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8

A marathon is altogether different league when compared to a 10 km run. There are many things to consider... Hydration. You should have a proper hydration plan in your long distance races. For 10 km races, you wouldn't probably have had hydration during the race course. In a marathon, I would advice you to start hydrating from the 5 km mark. From ...


7

For general fitness and endurance, 25 minutes, six days a week would be better. The best advice I've ever seen for running is: Run. Run lots. Mostly slow, sometimes fast. One of the best programs I've seen for running comes from a triathlon and cross country coach that I've talked with a few times, and it's 3:2:1. Say your longest run is 30 minutes. You ...


5

Treadmill Video - Can be done on your own. Although imperfect, if you have access to a treadmill, you can set up your video camera and film your running form from the side, the back and the front if the treadmill doesn't block the view. I also think it helps to do both side views because there can be left -right differences. If you can hook your camera up ...


5

1. Measure up First of all, if you're serious about your weight loss and subsequent bulking, you may consider buying a body fat caliper. You'll get much more precise values and you'll be able to measure progress more accurately. If you're not willing to spend the money or are not sure whether you can use a caliper, The other solution is having a ...


4

From your posted schedule and your history mentioned in another comment I would think that running 1 long run per week at your current distance would be sufficient to keep you in shape to complete up to a half marathon with relatively low risk of injury (based on your stated history). Don't plan on being competitive, though. With only 1 slow long run a week ...


4

At the end of the day, calories in < calories out = weight loss. There is some mixed data about the amount of calories, and the textbook "3500 calories = 1 lb" is somewhat suspect according to more modern studies, and the way that different people react, but all the studies agree (Whether atkins, paleo, grapefruit, etc) that caloric deficit is the main ...


4

Firstly congratulations on your marathon, and I hope you are pleased with your result. What I'm going to suggest is hard for marathon runners to do, but honestly it is the best thing to prevent injury and help you recover quickly. The best thing for you to do, is to stop running for 2-3 weeks. This is what people like Paula Radcliffe do, and we all know ...


4

I think breaking 3 hours or better for a marathon or 1.20 for half is very unlikely on training just at the weekends. Of course it depends on your starting point, and if you do lots of other cardio work during the week. Even if you are extremely talented, you still have to train to get the good results. I know many people who run sub 3 hour marathons, and ...


4

A general rule of running is to gradually increase your miles by no more than 10% per week. So a 10 mile week can turn into an 11 mile week. There are a lot of marathon training calendars you can find online that will give you the day-by-day schedule. Often these require shorter (and faster) days on Monday and Wednesday, with a longer and slower run (aimed ...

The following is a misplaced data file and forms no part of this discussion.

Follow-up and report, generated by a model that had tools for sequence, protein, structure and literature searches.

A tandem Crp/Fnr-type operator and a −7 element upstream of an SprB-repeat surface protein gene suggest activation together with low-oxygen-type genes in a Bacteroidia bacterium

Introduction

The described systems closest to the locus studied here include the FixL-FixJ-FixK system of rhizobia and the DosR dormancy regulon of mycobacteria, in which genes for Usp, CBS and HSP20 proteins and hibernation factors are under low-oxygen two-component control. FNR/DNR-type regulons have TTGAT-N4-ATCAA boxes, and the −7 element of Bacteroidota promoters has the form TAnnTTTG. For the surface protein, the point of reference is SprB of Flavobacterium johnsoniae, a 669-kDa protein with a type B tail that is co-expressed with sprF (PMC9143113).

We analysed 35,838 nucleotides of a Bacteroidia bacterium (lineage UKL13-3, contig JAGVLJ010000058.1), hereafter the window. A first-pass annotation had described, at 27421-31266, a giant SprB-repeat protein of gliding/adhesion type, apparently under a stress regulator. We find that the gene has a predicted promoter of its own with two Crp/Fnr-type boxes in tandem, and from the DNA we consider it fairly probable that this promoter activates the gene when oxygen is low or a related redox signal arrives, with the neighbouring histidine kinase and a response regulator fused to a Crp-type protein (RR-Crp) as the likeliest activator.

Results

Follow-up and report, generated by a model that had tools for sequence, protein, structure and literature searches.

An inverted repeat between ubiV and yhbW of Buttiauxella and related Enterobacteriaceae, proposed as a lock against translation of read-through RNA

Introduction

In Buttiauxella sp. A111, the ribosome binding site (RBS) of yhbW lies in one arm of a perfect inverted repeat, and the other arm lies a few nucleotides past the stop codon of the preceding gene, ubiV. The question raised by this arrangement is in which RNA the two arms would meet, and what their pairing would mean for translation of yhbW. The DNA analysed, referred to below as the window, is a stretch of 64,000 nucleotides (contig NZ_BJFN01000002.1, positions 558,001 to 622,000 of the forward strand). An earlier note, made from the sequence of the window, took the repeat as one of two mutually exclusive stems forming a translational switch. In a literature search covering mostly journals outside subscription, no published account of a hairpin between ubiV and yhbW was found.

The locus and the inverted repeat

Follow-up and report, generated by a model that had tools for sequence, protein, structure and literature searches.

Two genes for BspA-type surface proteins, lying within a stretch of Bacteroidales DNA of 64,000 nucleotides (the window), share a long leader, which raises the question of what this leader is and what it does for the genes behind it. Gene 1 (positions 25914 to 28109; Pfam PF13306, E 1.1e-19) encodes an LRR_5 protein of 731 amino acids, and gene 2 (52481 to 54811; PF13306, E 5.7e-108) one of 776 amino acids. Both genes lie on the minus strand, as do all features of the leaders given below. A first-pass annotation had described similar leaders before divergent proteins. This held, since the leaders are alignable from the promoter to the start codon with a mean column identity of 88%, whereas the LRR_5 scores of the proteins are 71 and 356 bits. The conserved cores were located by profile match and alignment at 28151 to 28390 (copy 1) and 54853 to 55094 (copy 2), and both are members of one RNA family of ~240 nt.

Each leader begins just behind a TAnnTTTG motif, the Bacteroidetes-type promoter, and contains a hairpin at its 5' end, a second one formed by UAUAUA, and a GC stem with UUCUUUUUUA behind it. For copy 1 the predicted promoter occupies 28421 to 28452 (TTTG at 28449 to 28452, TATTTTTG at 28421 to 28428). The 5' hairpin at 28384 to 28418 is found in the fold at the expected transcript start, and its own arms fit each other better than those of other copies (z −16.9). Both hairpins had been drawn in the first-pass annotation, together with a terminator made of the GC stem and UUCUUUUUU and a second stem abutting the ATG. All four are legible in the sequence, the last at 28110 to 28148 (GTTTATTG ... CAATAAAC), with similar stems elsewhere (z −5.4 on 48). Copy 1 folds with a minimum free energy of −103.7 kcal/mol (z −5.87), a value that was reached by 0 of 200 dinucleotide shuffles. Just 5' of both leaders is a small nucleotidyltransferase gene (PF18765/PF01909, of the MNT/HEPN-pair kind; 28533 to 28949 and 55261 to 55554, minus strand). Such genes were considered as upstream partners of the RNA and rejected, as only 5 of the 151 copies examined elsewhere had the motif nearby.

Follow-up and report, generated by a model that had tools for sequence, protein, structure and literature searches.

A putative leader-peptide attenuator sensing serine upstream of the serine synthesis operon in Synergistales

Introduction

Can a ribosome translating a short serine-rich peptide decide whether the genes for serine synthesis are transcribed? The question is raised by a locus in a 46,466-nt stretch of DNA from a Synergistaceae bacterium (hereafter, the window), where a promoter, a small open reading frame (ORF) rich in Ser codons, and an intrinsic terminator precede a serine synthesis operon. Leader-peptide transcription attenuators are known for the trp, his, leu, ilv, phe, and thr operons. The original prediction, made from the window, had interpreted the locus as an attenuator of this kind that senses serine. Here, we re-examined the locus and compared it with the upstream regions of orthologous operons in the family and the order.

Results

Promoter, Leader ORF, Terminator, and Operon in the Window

4

What you’ve described is not an average training routine in my opinion. You’ve got a pretty heavy workload if you consider holding a job as well. You make no mention of the amount of weight, sets, or reps that you perform, so, I’ll assume from your description of not trying to build muscle, that those numbers are sufficiently low. Effectively, you’re ...


4

Take a look of a "Constant Effort" table of Calories burned running and walking page at FellRnr.com. That site is a treasure trove of all kind of running related data


3

Unfortunately there's no quick fix to getting fit. When you say your shins are super tight - make sure this isn't shin splints, since it may put you out of the run altogether if you continue to train on it without proper care - you may want to google or youtube some videos to double check and be sure to stretch/rest them appropriately. In terms of calves, ...


3

Firstly, congratulations on your first marathon - that's a handy time to have. Secondly, spend a week or two just doing what you please and recovering. It takes a fair bit of mental energy and time to train for a marathon and most people feel a little deflated afterwards. Take the time to recharge a little. As to what to do: I would run what and when you ...


3

I've never extensively run stairs for training but they're far better than running flat (even that 20m hill is pretty flat). If your climbs are up to 8km (eeuch!) then you need to simulate that in training. I would probably starting progressing the stair run to be the equivalent. Bear in mind that an 8km is very difficult mentally - you need to be able to ...


3

In my opinion the furthest I would go in training pre marathon is about 22 miles. And I would only do 1 of these. The rest of the long runs I would suggest should be between 18-20 miles. The reason I say this, is that running the full 26 miles takes a lot out of you, and I think would have a negative affect on the actual marathon rather than a positive. ...


3